Criticism of Junior ISAs is unfair

John Fitzsimons
by Lovemoney Staff John Fitzsimons on 28 May 2012  |  Comments 4 comments

Guest blogger Simon Ellis of Legal & General Investments argues that Junior ISAs are being unfairly damned.

Criticism of Junior ISAs is unfair

Junior ISAs (JISAs) have only been a part of the personal finance landscape for a relatively short period of time.But they've sparked a lot of talk already.

The concept is to create a smaller mirror image of the most successful savings product of the last 20 or so years- the Individual Savings Account. The limits for JISAs are lower than their adult parent version, but the tax treatment is the same, and so is their theoretic attraction.

Plenty of cynicism

After the misfiring Child Trust Fund regime, you would have thought product providers and financial advisers would have hailed a good quality replacement with loud cheers. Indeed, the industry has long whinged at the lack of new tax incentives for saving, and the failure to address lack of education or opportunities to engage with young people.

Sadly, the industry has stated that ‘kids’ won’t be trusted with the amount of money that could be set aside for them over a full 18 years at the maximum allowance of contributions. As if any more than a few people would afford to put £100,000 into a plan for each child?

Advisers and press commentators have latched onto this simplistic moral theme: "Could you have been trusted with over £100,000 at that age?” The oft-quoted prediction then being they’ll blow it all on “drugs, booze, sex and fast cars.”

Good luck to them? Or a simple reflection of wishful thinking if we’d been in that situation?

Money and choices

Today’s children face a wall of tough decisions when they leave education. In spite of popular opinion, I sense most of them will have the mental and emotional wherewithal to cope.

The problem is will they have the money? Money doesn’t make them happy, but it will allow them to make better choices. I suspect parents, grandparents and godparents will seek to do what they can to stash some money away to ease the transition into adulthood.

But what about the children themselves? Our research asked the opinions of six-year-olds from up and down the country, with the results making for some insightful, if entertaining reading. Highlights included four in five (80%) thinking they will own a house before they are 25, while 53% think £10,000 is enough for their first house.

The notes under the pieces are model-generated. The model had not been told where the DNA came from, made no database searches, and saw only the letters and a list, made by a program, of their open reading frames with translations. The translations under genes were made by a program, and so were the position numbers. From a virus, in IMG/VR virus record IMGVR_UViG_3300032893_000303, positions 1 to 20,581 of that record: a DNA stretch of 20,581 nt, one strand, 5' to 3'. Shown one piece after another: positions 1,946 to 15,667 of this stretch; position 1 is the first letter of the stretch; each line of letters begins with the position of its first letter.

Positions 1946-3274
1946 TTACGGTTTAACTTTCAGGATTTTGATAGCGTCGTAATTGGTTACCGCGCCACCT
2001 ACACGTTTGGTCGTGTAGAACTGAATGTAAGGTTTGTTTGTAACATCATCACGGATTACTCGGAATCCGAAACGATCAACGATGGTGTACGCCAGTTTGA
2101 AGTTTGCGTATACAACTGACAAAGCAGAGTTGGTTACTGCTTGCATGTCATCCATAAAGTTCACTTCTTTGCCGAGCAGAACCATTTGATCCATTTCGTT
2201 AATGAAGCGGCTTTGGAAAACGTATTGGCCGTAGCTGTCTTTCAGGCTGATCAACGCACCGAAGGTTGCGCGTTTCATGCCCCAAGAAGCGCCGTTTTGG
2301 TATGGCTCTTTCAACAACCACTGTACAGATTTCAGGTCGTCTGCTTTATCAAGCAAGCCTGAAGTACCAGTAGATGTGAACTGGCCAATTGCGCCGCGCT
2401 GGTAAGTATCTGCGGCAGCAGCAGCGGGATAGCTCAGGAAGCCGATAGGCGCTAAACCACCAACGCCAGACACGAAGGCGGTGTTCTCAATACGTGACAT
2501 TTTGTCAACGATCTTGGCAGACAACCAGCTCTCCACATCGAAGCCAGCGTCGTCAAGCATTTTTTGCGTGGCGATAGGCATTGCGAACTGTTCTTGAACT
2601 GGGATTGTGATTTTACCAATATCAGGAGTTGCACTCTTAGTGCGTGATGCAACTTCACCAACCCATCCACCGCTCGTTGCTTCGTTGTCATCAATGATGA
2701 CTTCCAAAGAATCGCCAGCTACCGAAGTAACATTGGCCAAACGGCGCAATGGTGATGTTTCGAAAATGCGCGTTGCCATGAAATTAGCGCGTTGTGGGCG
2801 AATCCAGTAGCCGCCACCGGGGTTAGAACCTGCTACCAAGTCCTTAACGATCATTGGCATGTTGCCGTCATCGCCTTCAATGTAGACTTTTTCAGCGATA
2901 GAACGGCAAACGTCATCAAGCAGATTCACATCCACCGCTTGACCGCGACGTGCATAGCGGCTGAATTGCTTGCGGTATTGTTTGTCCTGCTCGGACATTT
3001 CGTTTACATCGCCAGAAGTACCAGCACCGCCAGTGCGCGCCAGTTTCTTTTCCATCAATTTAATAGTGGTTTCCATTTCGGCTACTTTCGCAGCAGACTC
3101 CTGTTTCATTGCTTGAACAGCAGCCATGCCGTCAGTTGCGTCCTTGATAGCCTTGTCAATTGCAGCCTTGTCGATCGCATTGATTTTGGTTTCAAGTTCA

One in five are firm believers that money exists solely they can buy sweets, and frankly, who can blame them? You can see the highlights of the research in this video.

On reaching 18, this generation face a future of debt and a wall of financial challenges. A JISA will give them choices not challenges, funds not debts, an opportunity, not a worry. With a range of opportunities to fall further into debt at every step, we need to be doing everything we can to help our children have at least a fighting chance when it comes to managing their money.

Junior ISAs will not be right for everyone, but as a secure way of putting money aside during childhood, they take a lot of beating. The industry may need some time to fully believe in their merits but I am confident that more of today’s six year olds will be greeted with a JISA pot in 12 years’ time than you might think.

Simon Ellis is managing director of Legal & General Investments

What do you think? Have Junior ISAs been given a raw deal so far? Will you be opening one for your children? Let ua know your thoughts in the comment box below.

More on savings:

The best Junior ISAs

GE Capital Direct: new online savings bank launches

Pensions vs ISAs: how to save for retirement

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Comments (4)

  • SeaBee
    Love rating 15
    SeaBee said

    Perhaps Mr Ellis might start by telling us how much his organisation stands to make from the average Junior ISA.